Right now, anyone taking holiday is experiencing the ultimate staycation – a break within their own four walls.
The reality, however, is that most people who had booked holidays this spring, have cancelled them. When the lockdown ends the average available holiday allowances for those heading back to work, will be as high as they have ever been. So where will people go? Even when local travel is permitted borders may stay closed. In France for the last two months people have had to fill in a form even to go food shopping or for exercise within a maximum 1km of their homes. A significant easing of restrictions expected next week will allow travel in the country up to a maximum of 100km, but that still means no trips to the Mediterranean for Parisians for a while.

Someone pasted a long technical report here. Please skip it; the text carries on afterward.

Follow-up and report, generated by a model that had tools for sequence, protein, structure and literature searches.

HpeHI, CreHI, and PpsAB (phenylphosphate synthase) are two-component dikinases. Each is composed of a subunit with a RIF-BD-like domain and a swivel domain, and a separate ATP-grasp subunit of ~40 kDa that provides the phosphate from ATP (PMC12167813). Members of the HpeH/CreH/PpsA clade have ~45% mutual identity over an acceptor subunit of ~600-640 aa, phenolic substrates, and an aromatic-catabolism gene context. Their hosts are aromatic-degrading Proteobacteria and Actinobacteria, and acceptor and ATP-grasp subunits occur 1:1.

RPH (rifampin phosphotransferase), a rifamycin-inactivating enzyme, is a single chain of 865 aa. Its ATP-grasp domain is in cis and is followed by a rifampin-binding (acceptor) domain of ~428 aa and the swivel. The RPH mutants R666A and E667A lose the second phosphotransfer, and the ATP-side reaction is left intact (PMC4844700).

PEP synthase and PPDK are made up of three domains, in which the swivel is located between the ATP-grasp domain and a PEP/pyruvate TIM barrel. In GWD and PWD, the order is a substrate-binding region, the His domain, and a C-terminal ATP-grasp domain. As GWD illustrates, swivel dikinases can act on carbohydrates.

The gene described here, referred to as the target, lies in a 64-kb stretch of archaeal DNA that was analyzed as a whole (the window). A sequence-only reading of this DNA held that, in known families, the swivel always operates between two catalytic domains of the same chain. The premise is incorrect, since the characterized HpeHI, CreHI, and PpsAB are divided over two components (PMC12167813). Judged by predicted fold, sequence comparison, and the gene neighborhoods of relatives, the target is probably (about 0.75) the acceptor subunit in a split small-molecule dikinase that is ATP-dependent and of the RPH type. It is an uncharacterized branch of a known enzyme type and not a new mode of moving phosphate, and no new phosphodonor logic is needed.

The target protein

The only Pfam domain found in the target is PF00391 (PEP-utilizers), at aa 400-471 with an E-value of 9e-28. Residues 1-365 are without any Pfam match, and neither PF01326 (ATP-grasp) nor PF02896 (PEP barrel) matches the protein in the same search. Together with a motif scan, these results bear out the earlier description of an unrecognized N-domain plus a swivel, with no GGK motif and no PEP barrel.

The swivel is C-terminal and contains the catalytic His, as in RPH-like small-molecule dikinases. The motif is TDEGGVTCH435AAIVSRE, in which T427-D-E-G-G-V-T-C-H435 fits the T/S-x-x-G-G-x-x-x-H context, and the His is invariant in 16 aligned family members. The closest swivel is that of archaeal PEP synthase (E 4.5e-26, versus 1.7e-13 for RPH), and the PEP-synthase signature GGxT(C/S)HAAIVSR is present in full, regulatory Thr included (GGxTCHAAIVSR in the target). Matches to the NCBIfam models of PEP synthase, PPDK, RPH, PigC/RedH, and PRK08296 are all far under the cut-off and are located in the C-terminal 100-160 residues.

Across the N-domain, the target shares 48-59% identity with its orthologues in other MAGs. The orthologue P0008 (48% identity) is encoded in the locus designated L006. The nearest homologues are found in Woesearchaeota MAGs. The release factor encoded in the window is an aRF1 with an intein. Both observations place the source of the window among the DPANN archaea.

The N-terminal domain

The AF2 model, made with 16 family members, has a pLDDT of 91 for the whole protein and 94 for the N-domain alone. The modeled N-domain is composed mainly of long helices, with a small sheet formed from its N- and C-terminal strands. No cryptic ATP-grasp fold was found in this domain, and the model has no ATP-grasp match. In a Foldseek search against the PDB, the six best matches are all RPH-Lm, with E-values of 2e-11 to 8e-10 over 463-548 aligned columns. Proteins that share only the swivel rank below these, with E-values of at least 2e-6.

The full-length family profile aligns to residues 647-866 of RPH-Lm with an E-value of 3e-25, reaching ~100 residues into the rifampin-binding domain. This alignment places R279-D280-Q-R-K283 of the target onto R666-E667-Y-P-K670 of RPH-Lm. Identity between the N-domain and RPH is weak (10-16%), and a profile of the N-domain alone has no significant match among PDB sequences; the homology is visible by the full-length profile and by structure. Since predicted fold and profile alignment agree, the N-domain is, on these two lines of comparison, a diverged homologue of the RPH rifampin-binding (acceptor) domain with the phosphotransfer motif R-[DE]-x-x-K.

There is also a very big question mark as to whether Brits will be welcome on the continent this summer. Global air travel has dropped by more than 50%. With several airlines on the brink of administration, the era of low-cost flights may be about to end.
The result is that for the foreseeable future more and more people will take their holidays closer to home.
There could be huge benefits. The traditional seaside towns that have faced tough economic times in recent years may see a boom in bookings. Kids may discover for the first time the simpler joys that their parents and grandparents experienced on their annual summer break. Prior to the lockdown there were record numbers of visits to the countryside, that will doubtless continue. We should also expect big cities to have more spaces where the local population can enjoy their leisure time in a safe environment without having to travel.
No-one really knows what will happen this year or even next, but surely staycations will form a major part of the new normal.